Damien Pignolet’s (friend Eve’s) delicious dessert
Posted on May 4, 2006 by Aun
The very yummy cake that chef Pignolet whipped up during his cooking demonstration
One of the restaurants that I’ve always wanted to eat at but have not gotten around to visiting yet is Bistro Moncur, located in Sydney, Australia. My good friend J, who runs the sumptuous blog Kuidaore, went there a while back and has raved about it ever since. Chef-owner Damien Pignolet is known for his exquisite, refined yet also classic renditions of French food. Many consider him to be one of the fathers of French cuisine in Australia.
I had the pleasure this past week of not only meeting chef Pignolet but of eating a meal half-prepared by him, attending a cooking demonstration conducted by him, and sharing a lovely meal with him at Sin Huat Eating House. I say “half-prepared” because chef Pignolet cooked half of the dishes served at this multi-course extravaganza, while host chef, Chris Millar of Poppi, cooked the other half. All of the food was wonderful—chef Millar really out did himself with a delicious boneless, rolled and stuffed suckling pig course. But for me, the high point of the night was an amazing dessert that chef Pignolet calls “Eve’s Chocolate Cake.” Regular readers know that I’m not a big chocolate person. And because I tend to like milk chocolate a bit more than dark, my wife S, who is a real chocolate fanatic (snob), considers me a bit of a heathen. But I loved this cake. It was rich without being overpowering. And it had a wonderful light and semi-moist texture—derived from a combination of baked and unbaked batter (yup, unbaked… I’ll get to that in a moment). Sadly, because I was so incredibly stuffed, and because the Eve’s Chocolate Cake was presented as just one thing in a large dessert sampler (and greedy me wanted to taste everything), despite my taste buds spurring me on, I couldn’t finish the portion served to me.
Luckily, just a few days later, I was presented with another heavenly slice. And not only did I get to eat every last crumb, but I also got to watch chef Pignolet make this dessert. Of course, in the hands of a professional chef who has probably made this hundreds of times, the process looked really simple. With my rather clumsy baking skills, I’ll probably mess this up somehow.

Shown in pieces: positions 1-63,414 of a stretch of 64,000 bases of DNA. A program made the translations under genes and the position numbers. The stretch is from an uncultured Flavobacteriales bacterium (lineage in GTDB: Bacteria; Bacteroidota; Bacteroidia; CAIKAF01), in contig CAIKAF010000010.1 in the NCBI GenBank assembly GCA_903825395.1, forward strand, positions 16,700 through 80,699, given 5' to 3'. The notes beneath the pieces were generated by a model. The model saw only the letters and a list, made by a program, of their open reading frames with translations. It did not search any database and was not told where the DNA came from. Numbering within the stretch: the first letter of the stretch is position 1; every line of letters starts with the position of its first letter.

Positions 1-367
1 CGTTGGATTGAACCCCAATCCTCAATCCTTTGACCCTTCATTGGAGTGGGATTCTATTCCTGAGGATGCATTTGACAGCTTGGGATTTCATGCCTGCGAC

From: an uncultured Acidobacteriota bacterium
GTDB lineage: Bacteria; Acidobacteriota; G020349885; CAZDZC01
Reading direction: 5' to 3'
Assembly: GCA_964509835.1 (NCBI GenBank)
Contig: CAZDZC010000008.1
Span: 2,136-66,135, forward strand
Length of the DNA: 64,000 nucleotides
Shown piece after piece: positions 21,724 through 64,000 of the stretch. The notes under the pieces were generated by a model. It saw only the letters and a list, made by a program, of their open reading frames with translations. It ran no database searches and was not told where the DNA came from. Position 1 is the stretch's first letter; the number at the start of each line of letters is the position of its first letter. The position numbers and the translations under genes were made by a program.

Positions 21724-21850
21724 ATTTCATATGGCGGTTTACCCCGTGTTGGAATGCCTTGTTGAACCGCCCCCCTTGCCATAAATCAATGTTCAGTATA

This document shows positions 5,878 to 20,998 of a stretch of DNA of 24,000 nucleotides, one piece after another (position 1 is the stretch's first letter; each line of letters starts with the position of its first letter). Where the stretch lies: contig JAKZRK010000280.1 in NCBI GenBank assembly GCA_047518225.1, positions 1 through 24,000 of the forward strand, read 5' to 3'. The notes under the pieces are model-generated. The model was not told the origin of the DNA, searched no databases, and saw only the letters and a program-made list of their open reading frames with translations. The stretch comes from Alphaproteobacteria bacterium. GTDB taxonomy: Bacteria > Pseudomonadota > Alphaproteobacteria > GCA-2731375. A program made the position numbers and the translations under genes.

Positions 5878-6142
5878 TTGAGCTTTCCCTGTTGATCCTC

Chef Pignolet conducted his class in the swanky Miele showroom in Singapore
The recipe for this cake and many more delicious dishes can be found in chef Pignolet’s gorgeously designed cookbook, French, which was just recently published by Penguin. The beauty of this cake lies in its texture. It has a wonderfully moist top which acts a bit like a sauce but isn’t (am I making any sense?). It’s actually unbaked cake mix which is spread over the baked cake. And since this cake is flourless, this unbaked mixture is essentially a chocolate mousse or pudding.
Chef Pignolet explained to us that the recipe is named after his friend Eve, whom gave him this recipe in exchange for one of his. I urge you all to try making this and tell me how it turns out. I’ll be doing the same and hopefully (fingers crossed), my product will be as tasty as chef Pignolet’s was.
Eve’s Chocolate Cake
360g bittersweet chocolate, chopped into small bits
50g soft unsalted butter
12 x 65g eggs, separated
50g caster sugar
a little extra bittersweet chocolate and cocoa to decorate
Grease a 26-28cm springform cake tin and line the base and sides with baking paper. Preheat the oven to 150 Degrees C. Melt the chocolate in a bowl over a bain-marie of hot (but not boiling) water and then work in the soft butter. Beat the egg yolks with 30g of the sugar until pale. Then combine them with the chocolate and butter mix. Beat the egg whites until stiff but not dry. Then beat in 20g of the sugar until stiff. Beat ¼ of the egg white mixture into the chocolate mix. Fold this gently but thoroughly back into the remaining egg white mixture. Transfer ¼ of the cake mixture into a bowl and refrigerate. Pour the balance of the mixture into the prepared tin and bake for 30-40 minutes. It should remain slightly moist in the centre. To test, press the centre with your finger after 30 minutes – it should hold the indentation. When the cake is ready, invert it onto a serving platter. Remove the ring and base. Leave it to cool completely. The cake should collapse and leave a crater in the centre. Fill the crater with the reserved cake mix and scatter with the extra bits of chocolate. Dust lightly with cocoa and serve with whipped cream.
Recipe comes from French, published by Penguin, copyright owned by Damien Pignolet.